She's All That: Spa Girls Collection #1
If you enjoyed Lauren Weisberger's THE DEVIL WEARS PRADA and Sophie Kinsella's "Shopaholic" series but disliked the profanity and gratuitous sex, then SHE'S ALL THAT is your book. Kristen Billerbeck bills herself as "one of the first Christian Chick Lit authors" and in kicking off her "Spa Girls" series she also proves that she's one of the best.
Lilly Jacobs tries to make a name for herself as a fashion designer in San Francisco (a refreshing change from all the Chick Lit set in New York City). She's just lost a promotion from boss Sarah Lang (yup, rhymes with "Vera Wang") to a man who wears more eyeliner and is less talented. Her sort-of boyfriend Robert has dumped her for another woman, and Lilly is more miffed than heartbroken over the whole thing. When things get tough, Lilly and her two best friends head for the Spa Del Mar, where there's nothing a good pedicure and facial can't cure.
Is this the sort of tale you like? Then read on....
Billerbeck excels at giving her characters little eccentricities that make them appealing and memorable. Lilly, who at twenty-something "has the figure of your standard thirteen-year-old," also has a thing about Lysol and bad smells, going to the point of even smearing a little Vicks Vapo-Rub under her nose whenever she has to take public transportation with the unwashed masses of San Francisco. (No surprise that aromatherapy becomes a part of the novel.) Her two best gal pals are chiropractor Dr. Poppy Clayton, an updated version of a Haight Ashbury beatnik --- complete with gauzy skirts and endless chatter about positive energy fields and toxins --- and Morgan Malliard, a mannequin for her father's diamond jewelry. All three women have issues with their mothers --- or lack of them.
For a Chick Lit novel, the characters --- dare we say it? --- are reasonably complex. Lilly has a degree from Stanford in finance ("I bet you I'm the only MBA from Stanford sleeping on a futon") and a grandmother who wants her to use it. It makes pursuing her fashion design dreams a little dicey. Plus, Lilly has bad taste in men, something her girlfriends try to gently help her understand without a lot of success. Lilly's boss from h-e double hockey sticks seems at first to be one-dimensional, but Billerbeck throws in some surprising twists.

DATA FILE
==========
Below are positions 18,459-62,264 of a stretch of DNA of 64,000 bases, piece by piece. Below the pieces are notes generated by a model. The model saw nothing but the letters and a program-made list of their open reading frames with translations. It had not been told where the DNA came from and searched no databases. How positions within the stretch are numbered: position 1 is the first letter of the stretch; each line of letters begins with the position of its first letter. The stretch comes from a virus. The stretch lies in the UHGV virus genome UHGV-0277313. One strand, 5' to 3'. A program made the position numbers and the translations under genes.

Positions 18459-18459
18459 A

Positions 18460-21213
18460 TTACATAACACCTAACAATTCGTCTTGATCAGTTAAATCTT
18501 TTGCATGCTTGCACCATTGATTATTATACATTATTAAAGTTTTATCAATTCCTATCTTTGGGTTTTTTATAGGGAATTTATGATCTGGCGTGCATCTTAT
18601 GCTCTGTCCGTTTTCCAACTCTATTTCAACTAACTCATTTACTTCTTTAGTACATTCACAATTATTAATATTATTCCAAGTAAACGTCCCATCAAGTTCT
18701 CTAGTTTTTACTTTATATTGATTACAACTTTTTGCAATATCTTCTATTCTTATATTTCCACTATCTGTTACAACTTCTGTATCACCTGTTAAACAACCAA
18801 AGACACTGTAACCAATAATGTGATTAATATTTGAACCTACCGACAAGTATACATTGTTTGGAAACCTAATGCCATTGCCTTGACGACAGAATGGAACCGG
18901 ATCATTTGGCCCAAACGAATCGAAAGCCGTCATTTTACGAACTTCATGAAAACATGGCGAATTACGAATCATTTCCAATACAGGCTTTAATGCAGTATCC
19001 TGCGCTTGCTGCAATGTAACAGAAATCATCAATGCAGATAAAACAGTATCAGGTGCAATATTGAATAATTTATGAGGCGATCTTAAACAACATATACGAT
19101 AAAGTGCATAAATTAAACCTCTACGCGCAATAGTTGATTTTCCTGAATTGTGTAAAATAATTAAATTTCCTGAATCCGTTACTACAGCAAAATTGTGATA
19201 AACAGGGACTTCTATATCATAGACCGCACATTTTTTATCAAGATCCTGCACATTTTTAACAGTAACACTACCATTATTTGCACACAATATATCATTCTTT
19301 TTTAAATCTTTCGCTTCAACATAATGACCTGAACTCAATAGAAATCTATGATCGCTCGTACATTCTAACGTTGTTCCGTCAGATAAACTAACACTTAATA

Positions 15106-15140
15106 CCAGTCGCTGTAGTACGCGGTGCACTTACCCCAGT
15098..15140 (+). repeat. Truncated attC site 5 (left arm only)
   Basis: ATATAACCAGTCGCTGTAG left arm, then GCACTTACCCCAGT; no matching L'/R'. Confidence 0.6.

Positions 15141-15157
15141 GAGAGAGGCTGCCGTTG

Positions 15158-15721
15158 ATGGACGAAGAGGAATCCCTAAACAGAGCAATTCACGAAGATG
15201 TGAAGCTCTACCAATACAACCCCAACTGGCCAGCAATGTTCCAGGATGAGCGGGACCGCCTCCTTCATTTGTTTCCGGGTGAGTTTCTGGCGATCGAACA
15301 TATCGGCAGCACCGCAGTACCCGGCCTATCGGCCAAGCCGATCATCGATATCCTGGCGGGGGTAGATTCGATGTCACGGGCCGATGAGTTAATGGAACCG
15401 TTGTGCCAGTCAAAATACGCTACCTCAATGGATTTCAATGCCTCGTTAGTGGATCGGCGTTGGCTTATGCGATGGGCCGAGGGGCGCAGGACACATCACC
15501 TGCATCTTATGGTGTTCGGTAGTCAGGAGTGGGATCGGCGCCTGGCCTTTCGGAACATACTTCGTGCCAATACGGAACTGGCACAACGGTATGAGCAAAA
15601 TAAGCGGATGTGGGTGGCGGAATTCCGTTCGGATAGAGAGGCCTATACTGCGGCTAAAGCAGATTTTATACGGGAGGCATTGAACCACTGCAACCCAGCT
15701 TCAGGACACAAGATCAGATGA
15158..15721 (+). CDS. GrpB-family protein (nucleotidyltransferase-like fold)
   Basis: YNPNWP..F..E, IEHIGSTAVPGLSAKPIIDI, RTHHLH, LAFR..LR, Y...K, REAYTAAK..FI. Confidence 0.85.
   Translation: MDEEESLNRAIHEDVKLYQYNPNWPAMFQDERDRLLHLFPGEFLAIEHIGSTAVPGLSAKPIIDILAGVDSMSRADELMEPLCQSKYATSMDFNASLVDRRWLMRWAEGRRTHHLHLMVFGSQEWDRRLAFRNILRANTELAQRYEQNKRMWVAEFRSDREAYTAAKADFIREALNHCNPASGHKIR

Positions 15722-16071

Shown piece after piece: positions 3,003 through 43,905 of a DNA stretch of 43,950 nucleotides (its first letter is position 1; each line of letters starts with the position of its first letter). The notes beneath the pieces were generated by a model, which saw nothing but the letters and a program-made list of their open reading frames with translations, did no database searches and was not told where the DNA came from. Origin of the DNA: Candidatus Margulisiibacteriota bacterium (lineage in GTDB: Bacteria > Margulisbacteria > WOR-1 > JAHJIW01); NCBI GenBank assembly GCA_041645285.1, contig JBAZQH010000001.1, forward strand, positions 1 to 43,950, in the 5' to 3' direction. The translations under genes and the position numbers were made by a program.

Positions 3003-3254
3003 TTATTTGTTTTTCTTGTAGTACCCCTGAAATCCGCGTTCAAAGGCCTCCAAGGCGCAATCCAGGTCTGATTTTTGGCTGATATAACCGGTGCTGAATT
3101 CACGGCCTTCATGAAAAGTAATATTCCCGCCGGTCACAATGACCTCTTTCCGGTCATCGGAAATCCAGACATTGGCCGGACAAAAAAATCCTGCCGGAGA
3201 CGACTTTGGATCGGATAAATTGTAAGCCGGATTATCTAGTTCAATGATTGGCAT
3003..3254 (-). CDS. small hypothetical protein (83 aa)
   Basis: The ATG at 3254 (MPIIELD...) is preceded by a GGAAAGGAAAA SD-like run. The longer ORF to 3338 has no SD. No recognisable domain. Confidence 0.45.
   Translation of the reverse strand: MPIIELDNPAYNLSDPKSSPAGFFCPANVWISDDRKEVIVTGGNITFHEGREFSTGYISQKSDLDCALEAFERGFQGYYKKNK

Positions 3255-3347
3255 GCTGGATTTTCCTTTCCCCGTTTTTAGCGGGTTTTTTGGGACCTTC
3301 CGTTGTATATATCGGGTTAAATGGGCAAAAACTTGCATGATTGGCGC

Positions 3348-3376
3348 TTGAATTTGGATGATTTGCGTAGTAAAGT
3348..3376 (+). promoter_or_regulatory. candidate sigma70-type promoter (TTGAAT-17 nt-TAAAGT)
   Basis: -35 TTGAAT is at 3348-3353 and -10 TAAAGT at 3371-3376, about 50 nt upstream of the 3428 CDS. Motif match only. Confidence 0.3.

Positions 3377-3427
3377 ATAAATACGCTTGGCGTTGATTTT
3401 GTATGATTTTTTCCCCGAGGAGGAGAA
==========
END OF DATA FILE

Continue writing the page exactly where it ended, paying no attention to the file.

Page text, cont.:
Many Christian Chick Lit novelists struggle with making God-talk a natural part of the novel, and in this, Billerbeck does a good job. The Christian characters are not cookie-cutter women spouting scripture verses, nor are the non-Christians stereotyped as the bad guys. And thank goodness, there's no conversion scenes. Thank you, Kristen.
However, readers may find the numerous references to Lilly's unmanageable hair humorous at first but then increasingly tiresome. Come on, even for a Chick Lit heroine, hair isn't that all-consuming. Neither is Johnny Depp, who, although definitely a hunk, is referenced a bit much. If you're a forty-something like I am who dips into Chick Lit now and then, you'll also be confused by some of the references aimed at younger, hipper female readers (I had to ask my teen who "Green Day" is...for those of you in my age range, it's a punk band.) I also found the whole subplot of Morgan's engagement a bit difficult to swallow.
But these are minor bumps in what is a smooth, fun, light read. There are plenty of loose ends dangling for the next installment, A GIRL'S BEST FRIEND, which presumably will pick up where this book leaves off. Chick Lit fans may find it difficult to wait.
Reviewed by Cindy Crosby on October 4, 2005